A musical treasure trove
Listening to the Shanghai Quartet, it would be easy to close your eyes and imagine the music being sung by a miraculous choral group. This is in large part due to the intense virtuosity displayed by the musicians behind the violins, the viola and the cello. The whole quartet sounds as if it is breathing and postulating, complaining and weeping, laughing and shouting in melody.
Last Tuesday at the Lincoln performance hall, the Shanghai Quartet performed the second program of a two-night engagement. Nearly filled to capacity, the modest PSU performance hall was a sea of gray hair and bald spots. It is, in large part, thanks to these individuals that chamber music continues to survive in Portland. After the two-hour performance, I had the distinct impression that this wonderful audience had been safeguarding a beautiful treasure.
In terms of treasure, the Shanghai Quartet is among a small set of crowning jewels and as they proceeded to sparkle through the first movement of Beethoven’s Quartet in F Major, Op. 18, No. 1, much of the audience was in awe. The convivial tone of the movement was a perfect opening, sounding very much like a small group of friends who have struck up a conversation – postulating, agreeing, affirming and ever so often pausing for a breath before plunging back into the conversation. Perhaps more than any other quartet I’ve seen, the Shanghai Quartet pronounces dynamic changes with such vigor and zeal that it is a wonder that one is able to stay firmly in the seat. The musicians themselves almost seemed to hover above theirs as they swayed with the music. As the quartet continued into the second movement, the tone became slow, insistently melancholy and full of pleading breath, a truly remarkable contrast made more remarkable by the quartet, which seemed to share one mind as it hung suspended between phrases before continuing in unison.
The second piece in the program, Poems From Tang, by contemporary Chinese composer Zhou Long moved the music into the twentieth century. The four movements of the piece were inspired by poems from distinguished poets of the Tang Dynasty. The first, entitled “Hut Among Bamboo” created a lovely impressionistic landscape meant to recall a bamboo forest. The quartet adeptly created an incredible sense of space and distance. The instruments mimicked sounds of shifting bamboo forest, its leaves and stalks clacking against one another, birds calling in the distance and a lone voice singing from far away before combining to create the sound of a traditional seven string zither called a ch’in. The second and third movements of Poems From Tang are more melodic but still retain the feel of landscape. It is amazing to hear the sound of a violin so adeptly representing a high thin voice, drifting as if from a far field, suddenly throbbing with a power to rival any of Aaron Copeland’s most heroic passages. Or, as in the fourth movement, slowly becoming the perfect representation of the drunken sway of a wine-filled poet.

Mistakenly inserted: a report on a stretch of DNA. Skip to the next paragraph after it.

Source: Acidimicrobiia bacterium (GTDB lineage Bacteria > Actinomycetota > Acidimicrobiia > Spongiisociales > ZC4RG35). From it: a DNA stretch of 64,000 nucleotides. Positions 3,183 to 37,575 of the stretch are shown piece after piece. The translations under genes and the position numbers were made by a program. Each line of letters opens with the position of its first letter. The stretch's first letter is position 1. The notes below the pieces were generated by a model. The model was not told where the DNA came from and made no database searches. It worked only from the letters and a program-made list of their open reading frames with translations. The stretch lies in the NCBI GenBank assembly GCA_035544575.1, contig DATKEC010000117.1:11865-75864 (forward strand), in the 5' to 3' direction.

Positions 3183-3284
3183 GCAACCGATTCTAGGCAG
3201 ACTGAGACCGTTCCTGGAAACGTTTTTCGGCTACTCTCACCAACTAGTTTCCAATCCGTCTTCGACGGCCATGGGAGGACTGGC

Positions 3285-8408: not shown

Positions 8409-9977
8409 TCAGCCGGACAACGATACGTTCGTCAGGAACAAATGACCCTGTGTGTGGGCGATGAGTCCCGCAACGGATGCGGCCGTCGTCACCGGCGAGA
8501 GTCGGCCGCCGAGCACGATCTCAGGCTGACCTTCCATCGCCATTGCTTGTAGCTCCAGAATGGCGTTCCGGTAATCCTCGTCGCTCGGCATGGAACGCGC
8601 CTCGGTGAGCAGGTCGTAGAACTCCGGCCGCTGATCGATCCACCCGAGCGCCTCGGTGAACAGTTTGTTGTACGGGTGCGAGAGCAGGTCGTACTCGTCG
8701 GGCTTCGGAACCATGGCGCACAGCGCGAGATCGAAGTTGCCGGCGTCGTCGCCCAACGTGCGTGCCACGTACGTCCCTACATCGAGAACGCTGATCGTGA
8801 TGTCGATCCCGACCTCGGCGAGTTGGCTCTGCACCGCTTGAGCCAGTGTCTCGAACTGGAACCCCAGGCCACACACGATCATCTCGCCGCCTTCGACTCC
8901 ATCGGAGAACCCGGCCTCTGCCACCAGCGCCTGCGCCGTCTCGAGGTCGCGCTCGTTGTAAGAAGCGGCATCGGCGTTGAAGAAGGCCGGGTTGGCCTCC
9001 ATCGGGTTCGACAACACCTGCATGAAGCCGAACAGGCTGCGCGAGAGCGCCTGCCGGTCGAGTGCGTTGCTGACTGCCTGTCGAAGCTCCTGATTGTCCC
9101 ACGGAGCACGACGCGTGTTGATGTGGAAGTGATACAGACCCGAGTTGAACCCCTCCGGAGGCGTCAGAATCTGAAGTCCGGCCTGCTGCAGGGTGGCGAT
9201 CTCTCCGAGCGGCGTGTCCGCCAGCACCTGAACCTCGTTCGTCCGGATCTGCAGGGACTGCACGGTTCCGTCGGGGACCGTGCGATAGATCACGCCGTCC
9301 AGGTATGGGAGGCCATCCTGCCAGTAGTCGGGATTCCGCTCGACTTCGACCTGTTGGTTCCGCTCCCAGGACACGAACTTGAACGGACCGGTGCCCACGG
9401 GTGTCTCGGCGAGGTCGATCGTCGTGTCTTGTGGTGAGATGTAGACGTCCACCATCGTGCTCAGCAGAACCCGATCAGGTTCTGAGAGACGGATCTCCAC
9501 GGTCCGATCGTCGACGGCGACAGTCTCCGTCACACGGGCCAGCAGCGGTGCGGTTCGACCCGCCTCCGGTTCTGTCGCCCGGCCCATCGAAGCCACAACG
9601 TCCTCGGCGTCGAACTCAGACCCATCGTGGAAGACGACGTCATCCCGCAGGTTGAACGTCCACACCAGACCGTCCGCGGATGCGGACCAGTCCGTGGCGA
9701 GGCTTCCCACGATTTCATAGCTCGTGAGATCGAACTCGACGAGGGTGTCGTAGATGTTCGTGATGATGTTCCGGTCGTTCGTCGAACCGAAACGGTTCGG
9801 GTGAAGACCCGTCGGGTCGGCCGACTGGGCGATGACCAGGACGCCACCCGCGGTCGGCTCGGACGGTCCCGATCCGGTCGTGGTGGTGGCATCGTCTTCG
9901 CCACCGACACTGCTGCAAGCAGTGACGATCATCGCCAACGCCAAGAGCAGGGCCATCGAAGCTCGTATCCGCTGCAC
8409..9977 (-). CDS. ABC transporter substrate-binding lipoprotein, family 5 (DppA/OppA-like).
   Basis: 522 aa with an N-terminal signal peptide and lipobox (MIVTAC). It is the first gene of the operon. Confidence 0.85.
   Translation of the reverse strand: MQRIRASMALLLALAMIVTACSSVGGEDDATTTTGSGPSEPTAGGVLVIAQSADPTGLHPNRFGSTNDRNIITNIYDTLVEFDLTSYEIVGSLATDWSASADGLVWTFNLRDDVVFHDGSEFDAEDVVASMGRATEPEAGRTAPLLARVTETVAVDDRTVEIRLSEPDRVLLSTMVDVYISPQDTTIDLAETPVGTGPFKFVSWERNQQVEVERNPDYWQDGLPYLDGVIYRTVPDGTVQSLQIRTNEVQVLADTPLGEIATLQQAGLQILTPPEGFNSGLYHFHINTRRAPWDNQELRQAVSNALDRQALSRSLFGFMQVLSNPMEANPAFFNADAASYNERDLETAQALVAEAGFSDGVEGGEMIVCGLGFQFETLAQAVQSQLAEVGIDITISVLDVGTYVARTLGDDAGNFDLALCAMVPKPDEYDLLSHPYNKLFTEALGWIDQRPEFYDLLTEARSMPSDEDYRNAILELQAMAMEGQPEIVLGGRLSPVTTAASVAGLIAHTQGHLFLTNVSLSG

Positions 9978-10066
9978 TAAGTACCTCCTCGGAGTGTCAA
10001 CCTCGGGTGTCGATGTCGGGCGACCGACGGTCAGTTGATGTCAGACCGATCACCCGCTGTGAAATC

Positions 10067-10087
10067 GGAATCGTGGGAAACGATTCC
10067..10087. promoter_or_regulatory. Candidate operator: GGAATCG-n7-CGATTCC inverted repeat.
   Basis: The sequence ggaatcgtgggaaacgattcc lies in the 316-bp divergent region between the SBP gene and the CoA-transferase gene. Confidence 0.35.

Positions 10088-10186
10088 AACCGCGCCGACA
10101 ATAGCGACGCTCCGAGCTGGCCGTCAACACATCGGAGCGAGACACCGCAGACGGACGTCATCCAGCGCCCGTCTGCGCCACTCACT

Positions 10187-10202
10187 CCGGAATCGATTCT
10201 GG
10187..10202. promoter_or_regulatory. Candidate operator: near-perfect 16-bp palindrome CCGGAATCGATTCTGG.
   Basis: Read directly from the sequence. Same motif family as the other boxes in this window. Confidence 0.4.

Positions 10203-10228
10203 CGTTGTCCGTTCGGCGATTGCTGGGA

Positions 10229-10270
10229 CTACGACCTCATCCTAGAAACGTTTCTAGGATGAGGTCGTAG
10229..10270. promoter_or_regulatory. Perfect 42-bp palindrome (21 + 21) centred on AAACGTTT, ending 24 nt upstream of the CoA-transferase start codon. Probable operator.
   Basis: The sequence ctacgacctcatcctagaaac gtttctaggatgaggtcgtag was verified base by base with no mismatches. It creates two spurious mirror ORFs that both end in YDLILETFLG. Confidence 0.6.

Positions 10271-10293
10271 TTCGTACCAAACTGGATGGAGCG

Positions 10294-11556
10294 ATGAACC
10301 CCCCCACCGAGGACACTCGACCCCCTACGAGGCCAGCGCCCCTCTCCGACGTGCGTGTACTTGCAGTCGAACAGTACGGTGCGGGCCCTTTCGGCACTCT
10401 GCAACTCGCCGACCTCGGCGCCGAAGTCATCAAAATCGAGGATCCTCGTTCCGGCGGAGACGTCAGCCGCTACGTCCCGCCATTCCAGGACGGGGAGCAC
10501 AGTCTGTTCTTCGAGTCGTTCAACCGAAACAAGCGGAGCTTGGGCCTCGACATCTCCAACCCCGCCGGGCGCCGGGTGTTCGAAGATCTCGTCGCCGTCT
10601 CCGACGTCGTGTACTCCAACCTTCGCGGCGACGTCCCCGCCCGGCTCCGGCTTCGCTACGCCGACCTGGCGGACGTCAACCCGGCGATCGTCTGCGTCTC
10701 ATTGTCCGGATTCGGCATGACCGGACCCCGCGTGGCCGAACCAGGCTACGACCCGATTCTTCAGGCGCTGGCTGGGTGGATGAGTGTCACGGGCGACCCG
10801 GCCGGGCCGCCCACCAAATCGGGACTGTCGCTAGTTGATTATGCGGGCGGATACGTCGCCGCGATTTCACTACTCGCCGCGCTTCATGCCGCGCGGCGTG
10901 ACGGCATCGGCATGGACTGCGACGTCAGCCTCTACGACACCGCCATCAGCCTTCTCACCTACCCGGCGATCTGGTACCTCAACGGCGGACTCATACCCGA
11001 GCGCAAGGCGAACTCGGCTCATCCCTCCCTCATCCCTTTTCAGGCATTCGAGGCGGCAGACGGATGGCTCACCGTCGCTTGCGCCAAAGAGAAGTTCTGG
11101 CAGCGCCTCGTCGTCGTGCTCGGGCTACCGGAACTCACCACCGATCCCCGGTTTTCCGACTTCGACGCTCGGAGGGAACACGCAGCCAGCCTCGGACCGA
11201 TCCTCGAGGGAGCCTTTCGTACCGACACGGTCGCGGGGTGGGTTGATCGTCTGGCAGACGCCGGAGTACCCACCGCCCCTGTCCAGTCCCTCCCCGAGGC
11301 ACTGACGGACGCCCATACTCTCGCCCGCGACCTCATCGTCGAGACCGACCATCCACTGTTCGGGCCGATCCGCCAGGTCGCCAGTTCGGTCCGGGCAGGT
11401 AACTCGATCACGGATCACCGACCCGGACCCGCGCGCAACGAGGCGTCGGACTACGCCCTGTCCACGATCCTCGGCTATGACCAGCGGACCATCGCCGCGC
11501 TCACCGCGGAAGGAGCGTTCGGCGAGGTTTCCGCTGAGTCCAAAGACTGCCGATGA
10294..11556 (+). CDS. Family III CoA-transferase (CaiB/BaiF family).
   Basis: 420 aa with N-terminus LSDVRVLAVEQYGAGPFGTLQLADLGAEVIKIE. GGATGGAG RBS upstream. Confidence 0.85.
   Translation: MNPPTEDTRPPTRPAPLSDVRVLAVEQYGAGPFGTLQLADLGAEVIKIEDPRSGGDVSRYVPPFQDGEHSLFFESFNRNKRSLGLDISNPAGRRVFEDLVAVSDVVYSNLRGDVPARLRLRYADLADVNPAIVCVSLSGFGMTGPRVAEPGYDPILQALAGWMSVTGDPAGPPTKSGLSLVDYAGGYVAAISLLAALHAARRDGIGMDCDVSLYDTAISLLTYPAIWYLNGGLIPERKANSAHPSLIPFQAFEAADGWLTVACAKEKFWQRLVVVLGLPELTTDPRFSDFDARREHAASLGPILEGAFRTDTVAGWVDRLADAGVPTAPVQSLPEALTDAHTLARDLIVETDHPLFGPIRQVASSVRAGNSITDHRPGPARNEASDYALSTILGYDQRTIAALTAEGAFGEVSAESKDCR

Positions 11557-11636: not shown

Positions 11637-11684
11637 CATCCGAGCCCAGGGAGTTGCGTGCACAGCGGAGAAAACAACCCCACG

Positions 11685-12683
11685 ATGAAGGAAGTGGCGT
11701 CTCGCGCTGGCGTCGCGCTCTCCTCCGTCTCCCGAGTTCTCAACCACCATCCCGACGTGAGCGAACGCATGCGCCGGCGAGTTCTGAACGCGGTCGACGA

After intermission, it was clear that the Shanghai Quartet had created a program of contrasts as they began the first swirling, sometimes dark and assonant measures of Bela Bartok’s String Quartet No. 1, Op. 7. There is a lovely eastern-ness in Bartok’s music, the folk songs of his Hungarian heritage pushing through a wall of dominant sound. The energy in the piece was heightened as the quartet simply paused between measures, a punctuation of silence between the growing swells of music. Though fans of classical music might gag at the comparison, I can’t help but think of the music of Bartok as a kind of heavy metal classical, as akin to Metallica as it is to Beethoven. This being the case, the Shanghai Quartet could be said to have “shredded” Quartet No. 1 in the most noble and flattering terms as the cello sawed through a heavy baseline as the violins grow in energy high and fast to the three enormous chords which finish the piece.
After a long and deservedly generous ovation, the Shanghai quartet treated the grateful audience to an encore of the second movement, pizzicato, from Ravel’s quartet. The gleeful romp through a rapid waltz was perfectly delightful, sending the audience into even more rapturous applause.
The amazing performance from the Shanghai Quartet made the reasons for their renown quite obvious and by extension put a fine point on the importance of the Friends of Chamber Music in Portland’s amazing and varied music community.